aluminum foil for shading grafted pine scions

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aluminum foil for shading grafted pine scions

Post  mrcasey on Sun Jan 12, 2014 7:18 pm

I've decided to have another go at grafting P. parviflora onto P. thunbergii rootstock.
I don't have a way to shield my grafts from summer sun. I also have no greenhouse or mist system.
Several web articles and blogs have mentioned covering the newly tied scions with aluminum
foil in order to prevent needle scorching. Brent Walston mentioned other grafters sometimes doing
this. A 2008 BSSF article stated that Jim Gremel does this with shimpaku grafts.

Does anybody know how long to leave the foil on? Do the scions not need to photosynthesize?



mrcasey
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Re: aluminum foil for shading grafted pine scions

Post  Poink88 on Tue Sep 09, 2014 7:55 pm

Dredging old posts...

I've recently done several grafts on juniper and boxwood and used both duct tape and aluminum foil.  Biggest thing I can tell you is that it is used as a shield from direct sunlight, like an awning or an umbrella...it doesn't and shouldn't cover the graft totally so they can photosynthesize the entire time still.  

I leave them on until I see the scion growing.  IF the scion is inside a plastic wrap or bag, make sure you open those up slowly first then remove the plastic (after several days or weeks) BEFORE you remove the aluminum shield.  

I (shamefully) had toasted grafts because the plastic bag became too hot (though the temp was only low 80s) and literally cooked the scion inside.

Poink88
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Update

Post  mrcasey on Thu Sep 11, 2014 7:26 am

I'll be honest: I only got 4 out of 23 to take. And my best one got gnawed off
by a deer. But I'm still super excited. Woo Hoo!

In his video, Ryan Neil said that the cocoons would "pooch out" when the buds
began extending. I think that I wrapped mine too tight as there was no pooching out.
Even worse, I couldn't see the buds extending because they were hidden by the
needles and the translucence of the parafilm.

I grafted on around March 22. I got tired of trying to figure out if the buds were
extending and began opening my cocoons on June 1st. To my surprise, some of the
buds had already extended about an inch.

One of many flaws in my technique is that many of the needles rotted before and
during bud extension. This might not be an issue, but it looks awfully nasty.

Also, one bud remained tight and unreleased - I assumed the graft was a failure
and just took the parafilm and foil off. I'll be damned if the thing didn't start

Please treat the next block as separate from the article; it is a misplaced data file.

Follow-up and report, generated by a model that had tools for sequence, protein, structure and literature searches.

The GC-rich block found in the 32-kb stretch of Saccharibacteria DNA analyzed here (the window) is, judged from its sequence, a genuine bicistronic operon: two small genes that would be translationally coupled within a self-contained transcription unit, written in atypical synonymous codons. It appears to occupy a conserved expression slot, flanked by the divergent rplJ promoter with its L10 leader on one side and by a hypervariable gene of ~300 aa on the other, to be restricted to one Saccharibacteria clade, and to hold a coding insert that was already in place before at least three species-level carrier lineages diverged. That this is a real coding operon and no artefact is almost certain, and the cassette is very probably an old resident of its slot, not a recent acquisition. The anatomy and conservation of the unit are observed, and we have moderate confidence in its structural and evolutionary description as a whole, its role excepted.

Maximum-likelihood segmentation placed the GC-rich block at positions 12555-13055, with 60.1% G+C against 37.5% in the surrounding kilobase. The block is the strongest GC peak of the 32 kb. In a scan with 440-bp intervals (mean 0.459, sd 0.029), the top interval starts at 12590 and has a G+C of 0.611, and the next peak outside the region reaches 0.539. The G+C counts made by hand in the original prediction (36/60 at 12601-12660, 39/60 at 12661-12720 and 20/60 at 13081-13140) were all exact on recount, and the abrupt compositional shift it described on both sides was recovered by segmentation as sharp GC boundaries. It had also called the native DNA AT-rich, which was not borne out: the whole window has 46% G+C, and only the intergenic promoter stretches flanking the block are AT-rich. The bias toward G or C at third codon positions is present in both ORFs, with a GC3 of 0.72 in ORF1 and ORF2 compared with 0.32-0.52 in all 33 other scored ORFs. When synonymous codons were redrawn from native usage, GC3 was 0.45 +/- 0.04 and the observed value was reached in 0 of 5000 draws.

pushing and opening in early August. THE BUD PUSHED AND OPENED IN FULL SUN
WITH NO DESSICATION PROTECTION. I think that's very interesting. Maybe
moisture control is only necessary until the graft calluses?

Oh yeah - one other interesting tidbit. Two of the grafts that took were left outside
when the temperature dipped down to 23 degrees Fahrenheit. They were, however,
covered with a cotton blanket and 6" of straw.

Casey






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Re: aluminum foil for shading grafted pine scions

Post  Poink88 on Thu Sep 11, 2014 5:14 pm

4 out of 23 is not bad...learn from them (both success and failure) and your next batch should be much better. You will just get better.

It is a good skill to have. Smile

Congrats!

Poink88
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Re: aluminum foil for shading grafted pine scions

Post  Leo Schordje on Thu Sep 11, 2014 10:50 pm

Agreed, 4 out of 23 is about an 18% success rate - not bad at all for an amateur. Even professionals, doing hundreds of grafts a season are usually happy if they get over 70% success. So getting the few you got is a good start.

I have been trying the parafilm technique as outlined by Ryan Neil and Peter Tea and others. My success rate is about 10% over the last 2 years and about 20 grafts. I'm slowly learning. One thing is certain, the understock tree needs sun to stay healthy while the graft is healing. Also my successes did get sun right away. I did leaves small gaps at the end of my parafilm wrap on the scion, the ones that took were these. Now I must point out that we have had an unusually cool and wet summer, more like a mild winter in Texas than a normal Chicago summer. So if I were in a hotter climate making an aluminium tent or canopy over the scion might be a good idea in a hot summer or high elevation, intense sun area.

My successes so far are one JWP 'Glauca' onto JWP, and one JBP 'Hakuko' onto P. nigra. So far so good. But until the graft is 4 or 5 years old and the foliage of the understock has been completely removed I would not count these as total successes.

Grafting is an 'art' there is a touch to it. It takes practice, the only way to get good at it is to do many of them, observe and learn from each.

Leo Schordje
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Re: aluminum foil for shading grafted pine scions

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